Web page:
TIFR
Department of Chemical Sciences
School of Natural Sciences

Calender

November 28, 2019 at 3.00 pm in AG-80

Title :

Significance of defect engineering and hetero-junction engineering to improve the photoelectrochemical properties of ZnO nanorods photoanode

Abstract :

The significance of defect engineering in tuning the visible light driven photoelectrochemical properties due to alkali metal (Li, Na, K) doping into ZnO nanorods (NRs) photoanode is investigated. Large concentration of oxygen-vacancies introduced because of alkali doping serve as the light absorbing donor sites and also photoelectron recombination centres resulting enhanced photocurrent and hole separation in the valance band, respectively. The lattice strain developed in the nanorods due to doping contributes in easy electron transportation and mobility. Defect engineering also tunes the electronic structure of the photoanodes boosting charge carrier migration and reduced electron-hole pair recombination resulting enhanced oxygen evolution reaction. On the other hand, the design of multidimensional nano-heterostructures based photoelectrode is demonstrated by coupling the multilayered two-dimensional (2D) structure of MoS2 and MoO3 on the well aligned arrays of one-dimensional (1D) ZnO nanorods template expecting the effective synergic effects. The advantages of catalytically active sites of 2D layered structure of transition metal dichalcogenides/oxides is integrated with the distinctive dimensionality dependent phenomena of 1D structure to achieve enormous surface area for light harvesting and photoelectrochemical reaction along with favorable photocarrier dynamics required for water splitting. 

References:

[1]K. Karmakar, A. Sarkar, K. Mandal and G. G.Khan. Investigating the role of oxygen vacancies and lattice strain defects on enhanced photoelectrochemical property of alkali metal (Li, Na and K) doped ZnO nanorods photoanodes.  ChemElectroChem 2018, 5, 1147 –1152.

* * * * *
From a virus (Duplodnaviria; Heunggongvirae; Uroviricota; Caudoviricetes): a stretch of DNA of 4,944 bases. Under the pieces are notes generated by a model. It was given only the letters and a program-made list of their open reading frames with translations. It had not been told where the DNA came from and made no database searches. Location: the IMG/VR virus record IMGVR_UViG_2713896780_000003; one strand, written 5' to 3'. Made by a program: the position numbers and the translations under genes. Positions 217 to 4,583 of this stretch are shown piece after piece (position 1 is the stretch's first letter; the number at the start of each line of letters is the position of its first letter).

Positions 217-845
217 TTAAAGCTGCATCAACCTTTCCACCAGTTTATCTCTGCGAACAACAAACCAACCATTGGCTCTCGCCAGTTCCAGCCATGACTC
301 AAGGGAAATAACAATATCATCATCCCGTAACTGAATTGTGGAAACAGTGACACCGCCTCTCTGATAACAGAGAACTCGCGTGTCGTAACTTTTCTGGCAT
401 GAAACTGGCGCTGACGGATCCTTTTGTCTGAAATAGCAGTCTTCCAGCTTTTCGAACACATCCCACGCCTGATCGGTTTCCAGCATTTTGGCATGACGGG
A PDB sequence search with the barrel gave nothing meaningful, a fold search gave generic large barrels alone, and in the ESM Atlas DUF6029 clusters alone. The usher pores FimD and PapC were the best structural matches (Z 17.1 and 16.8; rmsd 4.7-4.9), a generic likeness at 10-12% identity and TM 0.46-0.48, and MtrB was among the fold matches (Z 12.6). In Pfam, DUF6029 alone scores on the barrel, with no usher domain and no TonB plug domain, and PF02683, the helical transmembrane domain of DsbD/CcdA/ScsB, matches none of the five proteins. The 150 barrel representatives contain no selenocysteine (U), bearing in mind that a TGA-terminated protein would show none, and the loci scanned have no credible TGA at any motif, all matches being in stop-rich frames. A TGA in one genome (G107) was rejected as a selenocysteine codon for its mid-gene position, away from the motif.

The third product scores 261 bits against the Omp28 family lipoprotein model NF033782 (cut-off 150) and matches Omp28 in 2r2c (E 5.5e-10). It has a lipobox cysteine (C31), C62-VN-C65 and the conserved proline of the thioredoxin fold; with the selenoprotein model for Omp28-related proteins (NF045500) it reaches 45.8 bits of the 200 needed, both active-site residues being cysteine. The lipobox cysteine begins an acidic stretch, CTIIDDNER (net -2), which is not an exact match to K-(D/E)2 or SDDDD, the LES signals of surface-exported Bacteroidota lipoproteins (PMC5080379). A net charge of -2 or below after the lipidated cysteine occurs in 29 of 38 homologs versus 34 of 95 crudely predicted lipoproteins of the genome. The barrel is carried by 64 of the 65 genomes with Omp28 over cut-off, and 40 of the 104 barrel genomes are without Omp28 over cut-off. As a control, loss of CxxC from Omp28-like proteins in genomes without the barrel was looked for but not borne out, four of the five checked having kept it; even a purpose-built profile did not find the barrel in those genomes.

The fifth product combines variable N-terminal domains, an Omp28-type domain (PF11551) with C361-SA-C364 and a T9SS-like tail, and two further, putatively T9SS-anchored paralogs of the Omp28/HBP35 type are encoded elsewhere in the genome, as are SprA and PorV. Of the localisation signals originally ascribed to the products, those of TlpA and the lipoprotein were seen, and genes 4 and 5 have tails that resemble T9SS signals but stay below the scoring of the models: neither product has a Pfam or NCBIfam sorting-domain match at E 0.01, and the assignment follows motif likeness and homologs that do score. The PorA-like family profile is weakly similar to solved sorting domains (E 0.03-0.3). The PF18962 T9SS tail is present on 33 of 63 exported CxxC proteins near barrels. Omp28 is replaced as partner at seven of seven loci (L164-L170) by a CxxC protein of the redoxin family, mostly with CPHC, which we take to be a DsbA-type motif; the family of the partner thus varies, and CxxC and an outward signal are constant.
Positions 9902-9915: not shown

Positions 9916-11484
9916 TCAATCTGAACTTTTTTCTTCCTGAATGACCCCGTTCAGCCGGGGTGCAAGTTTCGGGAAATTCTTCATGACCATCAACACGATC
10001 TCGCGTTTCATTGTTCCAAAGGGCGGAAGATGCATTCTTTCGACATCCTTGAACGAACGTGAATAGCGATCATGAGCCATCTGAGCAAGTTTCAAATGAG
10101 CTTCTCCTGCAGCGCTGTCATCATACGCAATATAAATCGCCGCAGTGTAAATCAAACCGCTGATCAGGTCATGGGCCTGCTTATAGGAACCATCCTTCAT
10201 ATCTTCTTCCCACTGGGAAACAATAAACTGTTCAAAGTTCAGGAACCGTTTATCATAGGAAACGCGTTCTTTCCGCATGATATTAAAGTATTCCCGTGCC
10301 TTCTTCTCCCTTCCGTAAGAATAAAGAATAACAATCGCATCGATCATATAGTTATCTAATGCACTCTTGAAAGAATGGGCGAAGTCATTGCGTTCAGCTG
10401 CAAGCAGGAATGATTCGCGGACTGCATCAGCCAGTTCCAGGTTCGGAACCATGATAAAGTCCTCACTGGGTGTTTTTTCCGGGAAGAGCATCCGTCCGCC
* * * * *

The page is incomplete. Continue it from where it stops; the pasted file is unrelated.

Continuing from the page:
[2]K. Karmakar, D. Maity, D. Pal, G. G. Khan and K. Mandal. Photo-induced Exciton Dynamics and Broadband Light Harvesting in ZnO Nanorod Templated Multilayered 2D MoS2/MoO3 Photoanodes for Solar Fuel Generation. (Under Review)

 

November 28, 2019 at 2.30 pm in AG-80

Title :

Electrocatalysis and gas solid catalysis by Pt ions in perovskites: A comparison between supported and the doped catalysts

Abstract :

In this work, La1-xSrxCoO3 perovskite have been used as a host oxide for Pt doping and Pt supported system. The solution combustion and chemical reduction method have been adopted for the catalyst synthesis. Three selected reactions have been investigated in detail during the studies, namely the oxygen evolution reaction (OER), formic acid electro-oxidation and CO oxidation. The catalytic and electro-catalytic differences between the Pt doped and Pt-supported system has been studied. It was found that there are significant differences between the Pt-doped and Pt-supported systems for electro-catalytic and catalytic reactions. Activity of the catalyst depends on the particular reaction selected for comparison.  We hope that the results presented in this work are a worthwhile contribution to catalysis.

November 25, 2019 at 4.00 pm in AG-69

Title :

Donor-Acceptor materials and their applications in OLEDs and solar cells

Abstract :

Donor-acceptor-donor (D-A-D) materials having acridone as acceptor and carbazole as donor were synthesized for opto-electronic applications. Steady state and time dependent emission studied provided insight on their possible thermally activated delayed fluorescence (TADF) behaviour. The singlet-triplet energy gap (∆EST) was found to be as low 0.2eV. These materials were used green TADF emitters in organic light emitting diode (OLED) devices. Furthermore, an exciplex emission at 465 nm was observed in the blends of these D-A-D with polyvinylcarbazole (PVK). OLEDs fabricated with blend showed blue electroluminescence which is matching well with the exciplex photoluminescence. Apart from D-A-D in OLEDs, application of new class of high dipole moment materials in solar cell will also be discussed.